The tank and the robot clash, and the robot gains the upper-hand by picking up SpongeBob's tank. As it prepares to crush the tank, SpongeBob fires the tank's cannon monsters and destroys Patrick's robot. He for the next moment thinks he is victorious, but Patrick returns on the robot's head, which has separated from the body and is now an airship. SpongeBob pulls out a remote control and pushes a button on it, calling in a fighter jet which he hops into the cockpit and takes control of.
As Patrick tries to run, SpongeBob has two missiles from the fire jet chase him. Civilians on the beach begin to flee in terror. Patrick deploys a surface to air missile launcher from underneath the ground. He has it fire its eight loaded missiles at SpongeBob, destroying the two missiles that were chasing Patrick in the process. SpongeBob takes evasive maneuvers and manages to get them to fly into Patrick's fortress, completely destroying it. Patrick in a final act of retaliation uses his airship to blow up SpongeBob's fortress. SpongeBob is extremely enraged by this, and putting all sensible options aside, he flies his fighter jet into Patrick's robot head airship, destroying both aircrafts and hurting Patrick and himself.
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SpongeBob and Patrick are lying wounded on the beach, apologizing to each other for trying to destroy the other. The life guard shows up and furiously points out the mess of debris and destruction left by the fight as the two see they went too far. The lifeguard demands they clean up after handing them brooms. They do as he says, tidying the beach up to its original condition but soon begin to compete with each other over who could do so faster as dusk approaches. Well put, general. Are you okay?! Sign In Don't have an account? Start a Wiki. They decide to take the bus.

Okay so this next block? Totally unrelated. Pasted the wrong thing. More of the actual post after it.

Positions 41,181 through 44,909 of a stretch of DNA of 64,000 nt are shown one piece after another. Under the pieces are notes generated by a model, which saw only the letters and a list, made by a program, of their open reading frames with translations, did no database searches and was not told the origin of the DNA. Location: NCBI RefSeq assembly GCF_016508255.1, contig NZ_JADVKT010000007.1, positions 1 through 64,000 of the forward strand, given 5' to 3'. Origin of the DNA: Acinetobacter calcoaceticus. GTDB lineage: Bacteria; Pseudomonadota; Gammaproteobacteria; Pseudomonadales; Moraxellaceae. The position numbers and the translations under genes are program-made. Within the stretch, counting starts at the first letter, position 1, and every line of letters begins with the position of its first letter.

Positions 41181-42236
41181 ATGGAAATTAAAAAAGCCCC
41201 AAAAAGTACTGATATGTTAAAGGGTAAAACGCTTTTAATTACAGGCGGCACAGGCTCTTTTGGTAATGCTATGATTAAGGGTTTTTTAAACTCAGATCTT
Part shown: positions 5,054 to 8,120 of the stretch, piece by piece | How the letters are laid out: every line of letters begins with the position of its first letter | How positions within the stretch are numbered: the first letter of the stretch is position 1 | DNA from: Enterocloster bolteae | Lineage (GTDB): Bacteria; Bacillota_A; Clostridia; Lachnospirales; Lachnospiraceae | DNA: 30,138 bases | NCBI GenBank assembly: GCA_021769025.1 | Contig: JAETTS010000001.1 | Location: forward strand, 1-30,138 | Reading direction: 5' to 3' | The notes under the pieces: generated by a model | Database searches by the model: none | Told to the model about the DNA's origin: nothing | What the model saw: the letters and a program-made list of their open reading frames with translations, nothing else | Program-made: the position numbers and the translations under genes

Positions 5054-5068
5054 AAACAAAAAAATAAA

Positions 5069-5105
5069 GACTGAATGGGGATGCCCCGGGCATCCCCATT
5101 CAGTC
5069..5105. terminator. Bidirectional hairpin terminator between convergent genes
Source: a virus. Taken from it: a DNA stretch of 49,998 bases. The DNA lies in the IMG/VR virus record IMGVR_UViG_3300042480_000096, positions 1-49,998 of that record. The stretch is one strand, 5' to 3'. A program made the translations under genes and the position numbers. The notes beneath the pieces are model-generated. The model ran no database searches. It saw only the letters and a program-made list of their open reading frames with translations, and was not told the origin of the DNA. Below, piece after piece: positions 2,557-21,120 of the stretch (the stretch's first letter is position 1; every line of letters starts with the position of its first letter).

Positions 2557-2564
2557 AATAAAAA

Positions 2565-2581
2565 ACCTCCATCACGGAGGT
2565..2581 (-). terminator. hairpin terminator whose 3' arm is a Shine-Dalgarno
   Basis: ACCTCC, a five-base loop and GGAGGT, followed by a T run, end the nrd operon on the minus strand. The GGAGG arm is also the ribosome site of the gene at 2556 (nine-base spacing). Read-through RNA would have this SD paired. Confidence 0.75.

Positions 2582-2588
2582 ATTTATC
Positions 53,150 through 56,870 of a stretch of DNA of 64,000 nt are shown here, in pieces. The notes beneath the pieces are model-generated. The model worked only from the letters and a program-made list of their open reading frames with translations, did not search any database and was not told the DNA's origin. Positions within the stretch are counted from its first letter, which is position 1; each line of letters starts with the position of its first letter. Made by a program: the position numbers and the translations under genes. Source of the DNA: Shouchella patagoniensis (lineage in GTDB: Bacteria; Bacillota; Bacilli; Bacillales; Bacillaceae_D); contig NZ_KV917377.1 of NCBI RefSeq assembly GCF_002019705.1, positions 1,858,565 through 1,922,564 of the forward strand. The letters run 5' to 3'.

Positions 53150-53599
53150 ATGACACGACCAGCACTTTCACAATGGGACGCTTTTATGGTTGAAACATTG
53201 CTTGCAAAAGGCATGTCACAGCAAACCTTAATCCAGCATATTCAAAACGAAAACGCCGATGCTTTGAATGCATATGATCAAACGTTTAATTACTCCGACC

It can be lots of things. But most sand in the world and the sand that we use so much of is mostly quartz sand, silicon dioxide. There are different grades of sand. Tell us about that. What makes the mine in North Carolina so special for making computer chips? So the stuff that we use the most, like I said, is quartz sand, which is very abundant. You find it all over the world. We can use that stuff for concrete, which is the number one thing that we use sand for by far— is concrete. The next step up is sand that you use for glass making.
Poignant portraits in the sand mark 100 years since the end of the First World War
It all comes from this small county in rural North Carolina. Back when the tectonic plates were moving around to form North America, you had a plate under the Atlantic Ocean coming into contact with the one that underlies the American continent. And at this particular spot, they run into each other at a particular depth. About 9 to 15 miles below the ground, they grind against each other and create enormous, enormous heat.
And between that heat and the fact that in this particular spot there was very, very little moisture, it created this incredibly, incredibly pure quartz, which over millennia, got lifted up much closer to the surface and is now close enough where we can mine it.
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Is that the same kind of sand that we get over here? Is it a different kind of sand? Is it unique? So again, most of the sand that you find in there is quartz. So desert sand, unfortunately, is completely useless to us as human beings for construction. So in the desert, those grains tumble and tumble and tumble over thousands of years, getting smashed, just banging full force into each other, which rounds off their corners and their angles and makes it quite a bit rounder and smoother than the sand that you find in the bottom of rivers or the bottom of lakes, which tends to be sharper and more angular.
So that desert sand, ultimately, is too round to stick together to build something out of. I could talk about concrete forever, as my listeners know, as they yawn as I talk about it. And sand is a major part of concrete, right? This stuff is so underappreciated. Like most people, I had never even thought about it before I started doing the research for this book. But concrete is literally the foundation of our modern civilization. A lot of people mix up concrete and cement. You mix up cement plus a whole lot of sand and gravel and let it dry, let it cure.